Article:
The current rules don’t outline specific punishments for bad actors. If you’re expecting Silicon Valley giants to be the white knights fighting to save the free internet (remember their well-coordinated internet blackout in 2012?), understand that times have changed. Netflix for years positioned itself as a net neutrality advocate to help its business negotiations with ISPs. Now the company says it’s so big and successful that gutting net neutrality would no longer pose a financial threat. Facebook, meanwhile, has been mulling offering a “free” internet service that would use zero-rating to prioritize certain apps. Net neutrality would only get in the way of such a business opportunity. The nascent startups that would benefit from strong net neutrality protections the most already face a nearly impossible task in unseating the tech incumbents, and they’re unlikely to find support from their would-be rivals.

[Victor Luckerson is a writer for The Ringer]

Facebook Live Is the Right Wing’s New Fox News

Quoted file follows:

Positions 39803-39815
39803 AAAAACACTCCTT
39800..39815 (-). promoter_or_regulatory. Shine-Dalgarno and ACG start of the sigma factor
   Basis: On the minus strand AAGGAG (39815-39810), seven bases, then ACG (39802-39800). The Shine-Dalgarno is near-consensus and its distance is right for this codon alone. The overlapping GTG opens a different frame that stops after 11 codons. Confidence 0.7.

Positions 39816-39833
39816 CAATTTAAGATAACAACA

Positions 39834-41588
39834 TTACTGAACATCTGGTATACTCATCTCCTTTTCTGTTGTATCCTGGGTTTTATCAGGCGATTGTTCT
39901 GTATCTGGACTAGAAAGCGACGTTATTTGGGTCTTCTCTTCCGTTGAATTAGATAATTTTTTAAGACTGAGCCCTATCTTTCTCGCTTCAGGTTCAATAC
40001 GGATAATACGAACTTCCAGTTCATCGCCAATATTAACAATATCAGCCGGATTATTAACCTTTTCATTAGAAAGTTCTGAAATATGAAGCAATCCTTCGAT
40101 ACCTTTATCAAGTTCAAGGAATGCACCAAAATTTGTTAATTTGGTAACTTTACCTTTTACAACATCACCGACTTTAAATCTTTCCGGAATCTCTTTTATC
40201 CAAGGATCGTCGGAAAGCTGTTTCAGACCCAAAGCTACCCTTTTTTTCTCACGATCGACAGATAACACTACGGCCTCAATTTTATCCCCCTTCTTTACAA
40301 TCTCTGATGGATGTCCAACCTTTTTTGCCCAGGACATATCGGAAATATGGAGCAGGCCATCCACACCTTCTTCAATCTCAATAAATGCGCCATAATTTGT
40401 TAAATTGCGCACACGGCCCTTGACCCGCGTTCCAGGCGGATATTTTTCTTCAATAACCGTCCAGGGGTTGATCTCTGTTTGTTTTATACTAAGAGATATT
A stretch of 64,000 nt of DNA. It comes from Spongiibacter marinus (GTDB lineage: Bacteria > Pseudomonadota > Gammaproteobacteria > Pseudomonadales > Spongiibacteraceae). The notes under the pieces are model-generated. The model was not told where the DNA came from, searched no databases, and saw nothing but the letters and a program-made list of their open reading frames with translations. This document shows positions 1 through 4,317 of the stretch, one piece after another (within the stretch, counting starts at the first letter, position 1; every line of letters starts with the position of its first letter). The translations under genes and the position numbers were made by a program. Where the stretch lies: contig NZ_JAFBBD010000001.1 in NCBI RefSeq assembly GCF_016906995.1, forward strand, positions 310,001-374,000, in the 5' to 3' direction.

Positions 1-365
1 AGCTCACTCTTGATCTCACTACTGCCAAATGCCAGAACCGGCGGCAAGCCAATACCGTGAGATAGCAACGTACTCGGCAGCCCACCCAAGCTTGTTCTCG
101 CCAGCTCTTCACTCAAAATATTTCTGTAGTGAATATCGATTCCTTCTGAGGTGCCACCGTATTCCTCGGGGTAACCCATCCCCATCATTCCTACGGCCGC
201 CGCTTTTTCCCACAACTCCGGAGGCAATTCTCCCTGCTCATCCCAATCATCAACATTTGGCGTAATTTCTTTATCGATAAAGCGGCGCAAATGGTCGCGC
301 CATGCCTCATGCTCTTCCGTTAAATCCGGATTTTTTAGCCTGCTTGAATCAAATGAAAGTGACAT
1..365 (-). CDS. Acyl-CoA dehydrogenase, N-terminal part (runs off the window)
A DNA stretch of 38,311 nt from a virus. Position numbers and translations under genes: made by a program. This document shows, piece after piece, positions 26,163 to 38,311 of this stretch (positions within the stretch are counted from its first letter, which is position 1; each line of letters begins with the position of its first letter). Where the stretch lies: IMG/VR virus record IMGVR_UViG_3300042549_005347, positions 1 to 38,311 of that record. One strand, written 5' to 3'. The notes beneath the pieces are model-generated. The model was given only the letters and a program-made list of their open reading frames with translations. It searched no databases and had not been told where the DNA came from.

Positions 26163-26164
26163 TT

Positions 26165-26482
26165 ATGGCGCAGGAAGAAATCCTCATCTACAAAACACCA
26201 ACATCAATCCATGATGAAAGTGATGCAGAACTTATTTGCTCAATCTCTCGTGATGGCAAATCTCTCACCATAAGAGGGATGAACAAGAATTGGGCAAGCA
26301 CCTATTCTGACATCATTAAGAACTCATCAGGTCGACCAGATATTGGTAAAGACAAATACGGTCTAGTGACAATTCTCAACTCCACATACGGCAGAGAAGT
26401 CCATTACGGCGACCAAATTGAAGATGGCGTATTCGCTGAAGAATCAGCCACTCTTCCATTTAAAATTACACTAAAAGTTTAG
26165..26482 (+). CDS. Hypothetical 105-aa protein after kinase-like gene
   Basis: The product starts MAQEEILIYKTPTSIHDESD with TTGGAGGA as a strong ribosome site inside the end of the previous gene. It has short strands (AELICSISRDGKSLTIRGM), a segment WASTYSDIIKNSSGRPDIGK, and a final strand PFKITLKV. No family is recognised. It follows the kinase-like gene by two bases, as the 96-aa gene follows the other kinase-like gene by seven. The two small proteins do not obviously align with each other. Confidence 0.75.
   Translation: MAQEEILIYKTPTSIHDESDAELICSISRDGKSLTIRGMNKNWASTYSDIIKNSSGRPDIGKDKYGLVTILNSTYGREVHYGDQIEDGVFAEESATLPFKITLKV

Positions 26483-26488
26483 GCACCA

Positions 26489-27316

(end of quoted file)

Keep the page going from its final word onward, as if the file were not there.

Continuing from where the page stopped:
Facebook Live might well be Mark Zuckerberg’s gift to right-wing-news—a medium designed to be low-key and at home in your News Feed, with a potential reach in the millions. There’s a unique opening in conservative media, one that has a slew of sites systematically turning to the live-streaming feature.

It stems from a single idea: Liberals have more choice in what they watch, and for a long time Republicans have felt limited to Fox News. In 2014, the Pew Research Center released a poll showing that unlike their liberal or moderate peers—who watched and consumed a wide variety of news—conservatives were limited to Fox for most of their political information. That seems to be changing. Facebook doesn’t release rankings of Facebook Live pages, and few analyst organizations are equipped to independently verify their traffic. But in the months just after the election, using word of mouth and sources at Facebook, I spent time with a few conservative news organizations and individuals who are using the emergence of live-streaming and the massive reach of the Facebook platform to reach legions of conservatives hungry for their kind of news.

Who Is Killing the Towns of Western Massachusetts?